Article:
The Mathematics Education of Elementary Teachers
Issues and Strategies for Content Courses
This book is an edited volume addressing specific issues of significance for individuals involved with the undergraduate mathematics content preparation of prospective elementary teachers (PSTs). Teaching mathematics content courses to this group of students presents unique challenges. While some PSTs enter their teacher preparation with weak mathematical skills and knowledge, many also hold negative attitudes, anxiety, and misguided beliefs about mathematics. This book is designed to support instructors who teach these students in mathematics content for elementary teachers courses.
Elementary teachers need a richly developed understanding of the mathematics they are teaching in order to teach it effectively. Providing them with the needed preparation is difficult, but can be eased with a solid understanding of the mathematical concerns and limitations PSTs bring to the learning of mathematics and a familiarity with the standards and curricula topics PSTs will be expected to teach. Chapter One makes the argument that elementary mathematics is not trivial. This is followed by an analysis of four central issues related to the mathematical preparation of elementary teachers, specifically: (1) selecting/creating/modifying and implementing mathematical tasks (2) noticing/understanding children’s ways of thinking as a foundation for learning mathematics, (3) developing mathematical habits of mind in PSTs, and (4) understanding the role affect plays in the mathematical learning of PSTs. The final chapter presents three international examples of programs that currently consider these factors in the implementation of their courses.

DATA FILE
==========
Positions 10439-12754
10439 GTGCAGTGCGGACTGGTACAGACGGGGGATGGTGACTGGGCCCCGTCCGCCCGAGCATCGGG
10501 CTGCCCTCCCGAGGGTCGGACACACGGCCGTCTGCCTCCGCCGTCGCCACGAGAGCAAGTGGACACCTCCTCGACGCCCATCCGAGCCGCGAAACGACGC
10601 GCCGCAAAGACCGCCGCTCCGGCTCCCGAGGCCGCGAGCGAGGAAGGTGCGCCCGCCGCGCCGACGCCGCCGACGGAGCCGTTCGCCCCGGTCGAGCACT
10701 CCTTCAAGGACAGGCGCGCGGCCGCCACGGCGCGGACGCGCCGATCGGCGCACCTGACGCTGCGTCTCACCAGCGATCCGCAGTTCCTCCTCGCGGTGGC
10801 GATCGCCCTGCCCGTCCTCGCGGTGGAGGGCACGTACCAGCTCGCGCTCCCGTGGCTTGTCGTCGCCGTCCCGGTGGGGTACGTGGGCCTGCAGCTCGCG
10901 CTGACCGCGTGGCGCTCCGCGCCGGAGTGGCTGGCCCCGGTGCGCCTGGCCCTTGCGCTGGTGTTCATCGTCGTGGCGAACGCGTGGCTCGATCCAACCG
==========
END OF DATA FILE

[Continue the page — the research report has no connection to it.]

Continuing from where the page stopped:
Preface, Lynn C. Hart, Susan Oesterle, Susan Swars Auslander, and Ann Kajander. Elementary Mathematics Is Not Trivial, Lynn C. Hart, Melfried Olson, and Susan Oesterle. When Is a Mathematical Task a Good Task? Ziv Feldman, Eva Thanheiser, Rachael M. Welder, Jennifer M. Tobias, Amy F. Hillen, and Dana Olanoff. Using Children’s Thinking to Develop Mathematical Content Knowledge, Christine A. Browning, Jennifer L. Harrison, Ryan Harrison, Yi‐Yin (Winnie) Ko, Nicole Panorkou, and Margaret Yoder. Mathematical Habits of Mind, Susan Oesterle, Melfried Olson, Stephen Hwang, Hannah Slovin, Judith Olson, Jaclyn Murawska, Jennifer Holm, and Cristina Caputo Lewitton. Attending to Prospective Elementary Teachers’ Mathematical Affect, Susan Swars Auslander. Three International Examples of Mathematics Content Courses for Elementary Teachers, Ann Kajander, Gayle Millsaps, Reidar Mosvold, Diana Underwood‐Gregg, and Jennifer Holm. References. About the Authors.
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